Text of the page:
Drawbacks: There isn't a concentration of attractions on the East Side; instead, expect artist studios, community cafes, and craft markets.
Staying on the North Shore (North Vancouver & West Vancouver)
The North Shore has great hikes, biking trails, and ski hills, as well as beautiful views and thrilling attractions like the Capilano Suspension Bridge. It’s got a handful of good pubs, seafood restaurants, and bakeries. Plus it has the fabulous and ever-expanding Park Royal Shopping Centre. What it doesn’t have? A lot of good accommodation. That said, there are a couple of great little finds.
Lonsdale Quay, where the SeaBus docks, was intended to be another Granville Island Public Market, but somehow that never quite worked out as planned. It’s mostly takeout places, a couple of inexpensive restaurants, and the great little Lonsdale Quay Hotel (123 Carrie Cates Ct.; tel. 800/836-6111 or 604/986-6111; www.lonsdalequayhotel.com). Standard rooms are pretty basic, though they have fun views of the busy harbor, but the premium executive suites are fantastic, with dark wooden sleigh beds, sunken tubs, and 180-degree harbor and city views. The hotel has 70 rooms, and doubles run C$140 to C$450.
Right next door to the quay, you’ll find the relatively new, 106-room Pinnacle Hotel at the Pier (138 Victory Ship Way; tel. 877/986-7437 or 604/986-7437; www.pinnaclehotelatthepier.com). Opened in 2010, this is a chic, modern addition to the waterfront, which is undergoing a major transformation over the next few years, including, quite possibly, a London Eye-style wheel. The Pinnacle has great views of Vancouver and the harbor, and you can even soak in the view while you soak in the tub. There’s an indoor pool, state-of-the-art fitness center, and several good restaurants nearby, including its own. Rates for a double room begin at C$150 in low season (Oct–May), and C$199 in high season (June–Sept).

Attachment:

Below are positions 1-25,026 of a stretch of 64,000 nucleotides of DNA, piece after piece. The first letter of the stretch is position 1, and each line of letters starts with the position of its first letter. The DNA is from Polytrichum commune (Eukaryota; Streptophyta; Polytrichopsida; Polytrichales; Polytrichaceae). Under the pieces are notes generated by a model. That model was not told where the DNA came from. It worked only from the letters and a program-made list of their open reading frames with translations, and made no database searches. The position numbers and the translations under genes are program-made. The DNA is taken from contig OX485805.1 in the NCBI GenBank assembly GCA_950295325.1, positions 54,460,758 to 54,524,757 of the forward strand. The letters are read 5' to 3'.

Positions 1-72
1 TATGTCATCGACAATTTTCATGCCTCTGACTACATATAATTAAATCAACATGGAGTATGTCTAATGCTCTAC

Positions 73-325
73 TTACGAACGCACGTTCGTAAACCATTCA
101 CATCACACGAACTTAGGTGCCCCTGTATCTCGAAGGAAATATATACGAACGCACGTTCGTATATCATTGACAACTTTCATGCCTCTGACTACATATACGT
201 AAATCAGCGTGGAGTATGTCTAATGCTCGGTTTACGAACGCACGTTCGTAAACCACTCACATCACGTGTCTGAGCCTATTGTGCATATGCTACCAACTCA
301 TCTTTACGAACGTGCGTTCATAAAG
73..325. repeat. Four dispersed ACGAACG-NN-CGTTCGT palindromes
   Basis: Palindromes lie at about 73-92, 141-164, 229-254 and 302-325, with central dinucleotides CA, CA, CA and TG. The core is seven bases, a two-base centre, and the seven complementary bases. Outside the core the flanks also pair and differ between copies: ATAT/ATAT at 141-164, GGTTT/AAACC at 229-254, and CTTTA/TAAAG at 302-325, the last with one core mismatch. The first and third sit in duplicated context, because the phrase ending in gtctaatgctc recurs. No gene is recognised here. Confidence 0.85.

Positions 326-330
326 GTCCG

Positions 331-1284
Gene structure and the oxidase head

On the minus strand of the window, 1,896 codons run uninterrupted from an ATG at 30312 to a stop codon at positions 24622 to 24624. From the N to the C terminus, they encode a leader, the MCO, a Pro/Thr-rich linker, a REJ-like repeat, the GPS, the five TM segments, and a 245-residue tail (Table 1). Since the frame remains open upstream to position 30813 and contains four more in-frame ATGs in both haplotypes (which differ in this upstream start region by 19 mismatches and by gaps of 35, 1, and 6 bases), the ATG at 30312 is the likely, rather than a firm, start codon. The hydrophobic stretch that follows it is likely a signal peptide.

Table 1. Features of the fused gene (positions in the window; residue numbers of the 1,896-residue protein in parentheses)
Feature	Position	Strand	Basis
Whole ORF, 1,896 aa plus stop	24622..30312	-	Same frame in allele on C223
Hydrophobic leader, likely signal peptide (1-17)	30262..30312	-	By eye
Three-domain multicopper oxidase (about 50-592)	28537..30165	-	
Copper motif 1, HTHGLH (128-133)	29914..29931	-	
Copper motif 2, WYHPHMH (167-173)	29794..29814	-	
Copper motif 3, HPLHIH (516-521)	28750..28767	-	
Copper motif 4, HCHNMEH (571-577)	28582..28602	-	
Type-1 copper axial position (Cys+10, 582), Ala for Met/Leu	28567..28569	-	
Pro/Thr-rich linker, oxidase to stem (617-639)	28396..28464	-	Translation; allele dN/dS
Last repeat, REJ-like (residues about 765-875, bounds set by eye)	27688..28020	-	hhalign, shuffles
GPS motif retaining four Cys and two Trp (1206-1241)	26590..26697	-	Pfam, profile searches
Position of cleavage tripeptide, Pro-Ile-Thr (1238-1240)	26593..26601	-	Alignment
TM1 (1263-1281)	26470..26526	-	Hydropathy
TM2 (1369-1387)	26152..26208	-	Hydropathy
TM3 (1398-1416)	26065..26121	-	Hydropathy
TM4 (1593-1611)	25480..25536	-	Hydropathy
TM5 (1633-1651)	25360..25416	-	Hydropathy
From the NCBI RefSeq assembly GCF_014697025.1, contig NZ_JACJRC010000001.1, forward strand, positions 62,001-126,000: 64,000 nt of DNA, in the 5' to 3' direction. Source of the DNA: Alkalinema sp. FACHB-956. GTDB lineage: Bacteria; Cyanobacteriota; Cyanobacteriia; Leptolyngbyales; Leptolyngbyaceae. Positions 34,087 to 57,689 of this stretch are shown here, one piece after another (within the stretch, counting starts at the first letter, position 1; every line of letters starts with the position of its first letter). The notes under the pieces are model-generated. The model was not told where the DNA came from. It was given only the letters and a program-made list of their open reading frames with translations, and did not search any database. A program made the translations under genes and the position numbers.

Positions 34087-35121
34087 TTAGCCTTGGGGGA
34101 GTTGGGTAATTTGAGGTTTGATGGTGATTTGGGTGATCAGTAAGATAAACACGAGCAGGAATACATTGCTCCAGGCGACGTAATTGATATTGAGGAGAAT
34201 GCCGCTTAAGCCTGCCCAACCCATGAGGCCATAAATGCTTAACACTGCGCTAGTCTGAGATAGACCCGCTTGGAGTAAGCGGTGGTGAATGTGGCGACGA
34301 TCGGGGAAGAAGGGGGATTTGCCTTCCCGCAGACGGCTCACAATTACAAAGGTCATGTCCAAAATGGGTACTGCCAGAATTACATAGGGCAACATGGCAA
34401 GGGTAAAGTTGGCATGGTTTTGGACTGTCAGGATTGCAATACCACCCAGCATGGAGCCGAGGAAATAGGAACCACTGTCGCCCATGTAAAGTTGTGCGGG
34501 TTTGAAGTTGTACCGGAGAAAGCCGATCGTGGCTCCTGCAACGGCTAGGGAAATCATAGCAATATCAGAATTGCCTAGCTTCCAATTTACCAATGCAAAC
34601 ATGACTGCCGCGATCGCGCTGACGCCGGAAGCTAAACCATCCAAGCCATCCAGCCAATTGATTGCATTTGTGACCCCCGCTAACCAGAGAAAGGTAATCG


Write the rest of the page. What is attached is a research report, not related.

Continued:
There are also a handful of great little B&Bs on the North Shore. Among them is the beautiful, Craftsman-style ThistleDown House Bed & Breakfast (3910 Capilano Rd.; tel. 604/986-7173; www.thistle-down.com), which is nestled up against the forests of Grouse Mountain. Surrounded by gorgeous gardens and filled with art and antiques, it’s well known for its sumptuous breakfasts and lovely guest rooms. There are five of them, ranging from the petite Snuggery, with its fireplace and Persian carpets, to Under the Apple Tree, a romantic hideaway with a sunken sitting room and private patio with French doors. Rates will run you C$175 to $279 in summer, C$125 to C$189 in winter. For other North Shore B&Bs, visit the Vancouver North Shore Bed and Breakfast Association site at www.bbvancouverbc.com.
Note that if you decided to stay on the North Shore, there are two bridges to get into Vancouver, and traffic across them can be excruciantingly slow at peak times. There is good bus service, though, and the handy SeaBus sails from Lonsdale Quay every 15 minutes during the day, 30 minutes in the evenings.